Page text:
Homily for Sunday, January 23
Jesus: A Style of Evangelizing.
Today’s gospel tells us of the start of the public life of Jesus. We can’t have a more humble or simple beginning. It was nothing like the great ceremonies that we like to do these days to mark the beginning of great events. We think of the great inaugural ceremonies, for example, the Olympic Games where the host country displays its prowess. Also in the Church we love the big liturgical ceremonies with plenty of people in attendance.
At time these grandiose ceremonies – civil and church ones – with thousands and thousands of participants seem more for show than reality. They look like a film set where the houses are nothing more than a façade. That of Jesus’ inauguration began in a very different way. Very different. It was far from grandiose.
No programmed speeches and certainly not thousands of guests, no security arrangements, no fireworks nor so many things required to stage these events. Jesus withdrew to Galilee and there began going from village to village preaching the most simple message you can imagine: “Change, convert, because the Kingdom of Heaven is near.”
A small, humble light.
The evangelist, perhaps worried by the extreme simplicity of the message saw the need to adorn this beginning for the public life of Jesus with a quotation from the prophet Isaiah that says “the people that lived in darkness have seen a great light.” But the reality is that the presence of Jesus was not a great light in the way imagine. It was a small, humble, simple light. The presence of Jesus resembled more a flickering wick that a large spotlight that dazzles. His light didn’t blind but opened people’s eyes so that they better understood the world and above all welcomed into their heart God’s great mercy. It was totally a one to one relationship brought about by drawing close through friendship and brotherly love.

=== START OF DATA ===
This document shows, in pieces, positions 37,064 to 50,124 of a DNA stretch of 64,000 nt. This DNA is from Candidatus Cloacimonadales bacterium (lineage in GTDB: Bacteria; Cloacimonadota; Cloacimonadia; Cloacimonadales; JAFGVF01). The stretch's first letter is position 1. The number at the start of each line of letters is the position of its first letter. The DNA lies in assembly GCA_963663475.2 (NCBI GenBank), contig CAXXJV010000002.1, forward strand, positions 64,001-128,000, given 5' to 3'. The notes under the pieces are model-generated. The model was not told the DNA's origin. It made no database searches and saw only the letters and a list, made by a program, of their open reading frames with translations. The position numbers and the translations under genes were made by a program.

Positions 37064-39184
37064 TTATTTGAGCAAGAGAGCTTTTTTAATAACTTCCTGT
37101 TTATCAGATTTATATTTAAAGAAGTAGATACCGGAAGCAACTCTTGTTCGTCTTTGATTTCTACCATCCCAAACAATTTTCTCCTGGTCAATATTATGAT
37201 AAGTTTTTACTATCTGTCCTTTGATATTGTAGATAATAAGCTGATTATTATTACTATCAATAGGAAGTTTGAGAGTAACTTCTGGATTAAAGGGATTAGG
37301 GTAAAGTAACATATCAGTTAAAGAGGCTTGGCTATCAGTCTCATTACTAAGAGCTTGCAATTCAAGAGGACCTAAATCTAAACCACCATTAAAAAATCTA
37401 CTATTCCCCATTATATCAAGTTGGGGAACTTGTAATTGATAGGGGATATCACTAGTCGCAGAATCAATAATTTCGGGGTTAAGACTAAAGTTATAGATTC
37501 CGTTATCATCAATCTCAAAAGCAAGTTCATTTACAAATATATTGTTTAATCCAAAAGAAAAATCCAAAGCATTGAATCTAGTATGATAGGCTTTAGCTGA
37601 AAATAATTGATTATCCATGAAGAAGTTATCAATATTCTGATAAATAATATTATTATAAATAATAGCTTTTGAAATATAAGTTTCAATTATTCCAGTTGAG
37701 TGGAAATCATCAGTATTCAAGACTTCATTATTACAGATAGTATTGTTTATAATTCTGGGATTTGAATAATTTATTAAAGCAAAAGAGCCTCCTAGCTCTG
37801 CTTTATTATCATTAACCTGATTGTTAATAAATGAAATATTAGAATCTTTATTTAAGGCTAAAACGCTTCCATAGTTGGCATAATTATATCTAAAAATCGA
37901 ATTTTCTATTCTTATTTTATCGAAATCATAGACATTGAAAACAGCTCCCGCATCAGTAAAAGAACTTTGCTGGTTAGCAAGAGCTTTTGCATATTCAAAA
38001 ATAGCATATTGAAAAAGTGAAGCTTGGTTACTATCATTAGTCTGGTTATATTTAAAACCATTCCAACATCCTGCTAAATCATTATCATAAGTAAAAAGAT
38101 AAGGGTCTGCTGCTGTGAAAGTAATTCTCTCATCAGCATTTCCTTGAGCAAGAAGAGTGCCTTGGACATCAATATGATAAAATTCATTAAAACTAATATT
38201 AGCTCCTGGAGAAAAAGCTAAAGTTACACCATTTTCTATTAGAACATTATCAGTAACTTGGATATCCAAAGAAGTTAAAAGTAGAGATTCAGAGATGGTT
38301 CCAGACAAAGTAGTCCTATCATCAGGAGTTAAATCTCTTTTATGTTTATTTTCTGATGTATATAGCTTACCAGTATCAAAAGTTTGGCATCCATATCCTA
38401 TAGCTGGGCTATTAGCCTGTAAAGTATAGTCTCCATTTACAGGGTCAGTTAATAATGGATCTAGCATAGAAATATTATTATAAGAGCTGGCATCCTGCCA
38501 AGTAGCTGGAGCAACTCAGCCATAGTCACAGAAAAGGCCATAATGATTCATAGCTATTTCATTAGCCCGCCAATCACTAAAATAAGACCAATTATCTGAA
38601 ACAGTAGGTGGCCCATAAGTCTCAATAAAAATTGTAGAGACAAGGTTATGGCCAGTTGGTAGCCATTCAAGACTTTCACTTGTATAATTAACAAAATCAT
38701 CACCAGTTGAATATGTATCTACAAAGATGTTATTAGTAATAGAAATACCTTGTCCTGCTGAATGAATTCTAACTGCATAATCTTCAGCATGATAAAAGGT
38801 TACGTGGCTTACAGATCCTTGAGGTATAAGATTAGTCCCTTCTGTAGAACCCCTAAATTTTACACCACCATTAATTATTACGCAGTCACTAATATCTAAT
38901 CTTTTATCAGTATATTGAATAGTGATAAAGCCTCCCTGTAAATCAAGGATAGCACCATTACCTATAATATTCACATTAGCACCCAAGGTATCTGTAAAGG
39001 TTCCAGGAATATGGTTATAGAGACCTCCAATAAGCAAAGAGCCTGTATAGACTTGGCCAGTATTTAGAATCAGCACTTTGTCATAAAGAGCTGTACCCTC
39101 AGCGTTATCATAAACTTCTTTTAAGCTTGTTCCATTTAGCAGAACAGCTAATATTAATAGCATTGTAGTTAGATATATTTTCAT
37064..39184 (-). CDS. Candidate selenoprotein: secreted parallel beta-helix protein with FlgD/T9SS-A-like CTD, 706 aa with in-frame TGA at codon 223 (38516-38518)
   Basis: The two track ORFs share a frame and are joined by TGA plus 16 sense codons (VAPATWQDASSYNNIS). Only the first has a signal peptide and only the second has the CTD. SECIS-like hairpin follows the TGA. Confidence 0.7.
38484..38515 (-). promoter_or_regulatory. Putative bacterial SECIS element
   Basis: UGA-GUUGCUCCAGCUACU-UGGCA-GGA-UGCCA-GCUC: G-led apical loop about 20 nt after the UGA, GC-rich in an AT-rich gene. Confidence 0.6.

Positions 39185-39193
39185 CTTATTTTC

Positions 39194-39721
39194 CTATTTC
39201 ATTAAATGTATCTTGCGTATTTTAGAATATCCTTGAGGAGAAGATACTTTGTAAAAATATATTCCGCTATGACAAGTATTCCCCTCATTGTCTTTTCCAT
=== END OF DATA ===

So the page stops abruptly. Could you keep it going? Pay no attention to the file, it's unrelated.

As in the mystery of Christmas that we have recently celebrated the presence of God in Jesus is not an overwhelming presence. It does not invade our freedom nor cancels us out as persons. On the contrary God reveals himself in such a simple way that might pass unnoticed. Just as at Christmas we contemplate the small, fragile child, weak, powerless and, like all children, totally dependent on our care, now he is more man who goes along the roads approaching those he meets, inviting them to change their lives because the Kingdom of God is near letting them feel through his contact and his affection the power of God’s love. He has neither security guards nor loud speakers. He doesn’t gather crowds nor is he all powerful. He presents himself as an ordinary man.
The seduction of closeness.
But those that meet with him and open their eyes and heart feel that there is something different about this man. They themselves are ordinary. They have names and surnames. They are simple, uneducated fishermen. But his presence has this something that makes these persons take radical and sometimes seemingly irrational decisions. At Jesus’ proposal that they follow him in order to be “fishers of men”, they immediately leave their nets and follow him. This man had something that was capable of seducing with few words. There was something they saw in him because it is certain that these fishermen did not understand much of what he said nor of what it meant to follow him.
So the ministry of Jesus began in a humble and simple way. In this manner of approaching without force and grandeur, without long speeches like the worldly powerful men are accustomed to; God makes himself present to us. He walks along side us curing the sickness and sufferings of the people and invites us to live in his Kingdom.
Today we are his witnesses in this world right where each of us lives. Our ministry must imitate Jesus’ style, his simplicity and closeness. You don’t need huge programs and attractions. Neither is it necessary to go counting and recounting the results. To Jesus this was not important. It is enough to announce the Kingdom and touch the hearts of the people we meet and leave the imprint of God’s love and mercy with them.